To draw the map, the association was helped by Carmelo Ignaccolo, a doctoral student in urban studies at MIT, who returned to Sicily after being infected with the coronavirus.

In recent months, Mr. Ignaccolo has supervised Mediterranean exams against the backdrop of the Zoom screen, taught near his great-grandfather’s olive press, and escaped the heat by studying in the nearby Greek necropolis.

He said: “I support the American professional life 100%, but I live a very Mediterranean lifestyle.”

It is not only southern Italy that benefits from reverse traffic.

Roberto Franzan, 26, is a programmer who built a successful startup in London and then worked at Google. He returned to his home in Rome in March.

He said: “You go to a bar and you can have a conversation with almost anyone.” “This is great for me.” He said that many interesting startups and technology companies are emerging in Italy, and he can imagine investing in that country .

He said: “This moment makes us aware all the time that returning to our roots may be a good thing.”

Italian business leaders have urged the government not to waste opportunities.

“Coronavirus, the brain drain side,” former deputy labor minister Michel Martone wrote in the Rome newspaper Is Messaggero. He urged lawmakers to try to preserve the “extraordinary army of young people returning home in an emergency”.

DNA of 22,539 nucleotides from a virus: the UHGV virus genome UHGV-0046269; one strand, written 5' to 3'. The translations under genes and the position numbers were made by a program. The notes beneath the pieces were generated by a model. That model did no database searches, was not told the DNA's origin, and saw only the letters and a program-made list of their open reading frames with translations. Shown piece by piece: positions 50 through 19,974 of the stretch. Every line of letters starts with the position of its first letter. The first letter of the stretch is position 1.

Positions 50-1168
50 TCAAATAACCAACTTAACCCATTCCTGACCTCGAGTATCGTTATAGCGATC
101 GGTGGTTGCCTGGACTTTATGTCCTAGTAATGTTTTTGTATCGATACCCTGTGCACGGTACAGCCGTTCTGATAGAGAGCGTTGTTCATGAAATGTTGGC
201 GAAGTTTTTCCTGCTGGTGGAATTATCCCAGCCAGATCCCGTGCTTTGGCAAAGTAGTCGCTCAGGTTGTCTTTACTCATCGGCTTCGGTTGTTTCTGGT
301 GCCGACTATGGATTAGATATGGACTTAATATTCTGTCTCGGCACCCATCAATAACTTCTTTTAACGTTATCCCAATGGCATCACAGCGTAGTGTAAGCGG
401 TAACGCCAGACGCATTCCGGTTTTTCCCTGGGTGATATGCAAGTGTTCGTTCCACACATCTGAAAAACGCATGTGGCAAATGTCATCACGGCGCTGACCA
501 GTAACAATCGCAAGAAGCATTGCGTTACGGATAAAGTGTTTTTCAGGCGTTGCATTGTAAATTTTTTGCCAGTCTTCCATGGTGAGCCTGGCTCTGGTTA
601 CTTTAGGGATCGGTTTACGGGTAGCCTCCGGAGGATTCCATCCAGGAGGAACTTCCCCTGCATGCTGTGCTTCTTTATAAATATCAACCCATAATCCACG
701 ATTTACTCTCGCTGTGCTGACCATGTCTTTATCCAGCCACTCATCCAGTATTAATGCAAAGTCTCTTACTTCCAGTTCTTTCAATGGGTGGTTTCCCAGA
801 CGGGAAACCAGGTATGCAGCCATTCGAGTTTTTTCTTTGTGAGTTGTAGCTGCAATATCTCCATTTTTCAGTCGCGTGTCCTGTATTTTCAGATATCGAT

But some experts say there are not many advantages to consolidate.

Although many Italians may have moved back to the Tuscan countryside or the Sicilian coast, their ideas still benefit American, British, Dutch and other foreign companies.

Enrico Moretti, an economist at the University of California, Berkeley, said: “Zoom cannot solve Italy’s problems.” He focuses on labor and urban economics, and he himself is part of the brain drain in Italy.

The London economist Brunello Rosa, another member of the diaspora, said that returning Italians “operate for foreign entities-they create value abroad and make money abroad”. He added: “The salary they spend in Italy has not really changed.”

He said that the more likely result is that once European countries lift the blockade, the virus will cause economic collapse and massive unemployment, which will set off another wave of immigration.

He and others said that to truly solve this problem, Italy needs to carry out profound structural and cultural reforms to simplify the bureaucracy and increase transparency, rather than relying on “people who go home because of poor food abroad and bad weather”. .

MIT doctoral candidate Mr. Ignacolo plans to return to the United States to continue his academic career, and the new company of programmer Mr. Franzan will be established in Delaware.

The drawbacks of working in Italy also worries Ms. Passi. She is worried that she thinks her professional development will be hindered because she thinks the range of young people in the Italian business world is narrow. She admits that the lack of sunshine in London is frustrating and that British food is bad for her skin, but she said other things are also important to life.

She said: “I am young, I am a woman, and I hold a very senior position.” She explained that she will return to work in London when her office is reopened.

“This is a rare opportunity. I can either keep my job or live in Italy,” she said of the time spent working in Italy. “But I always knew it would be temporary.”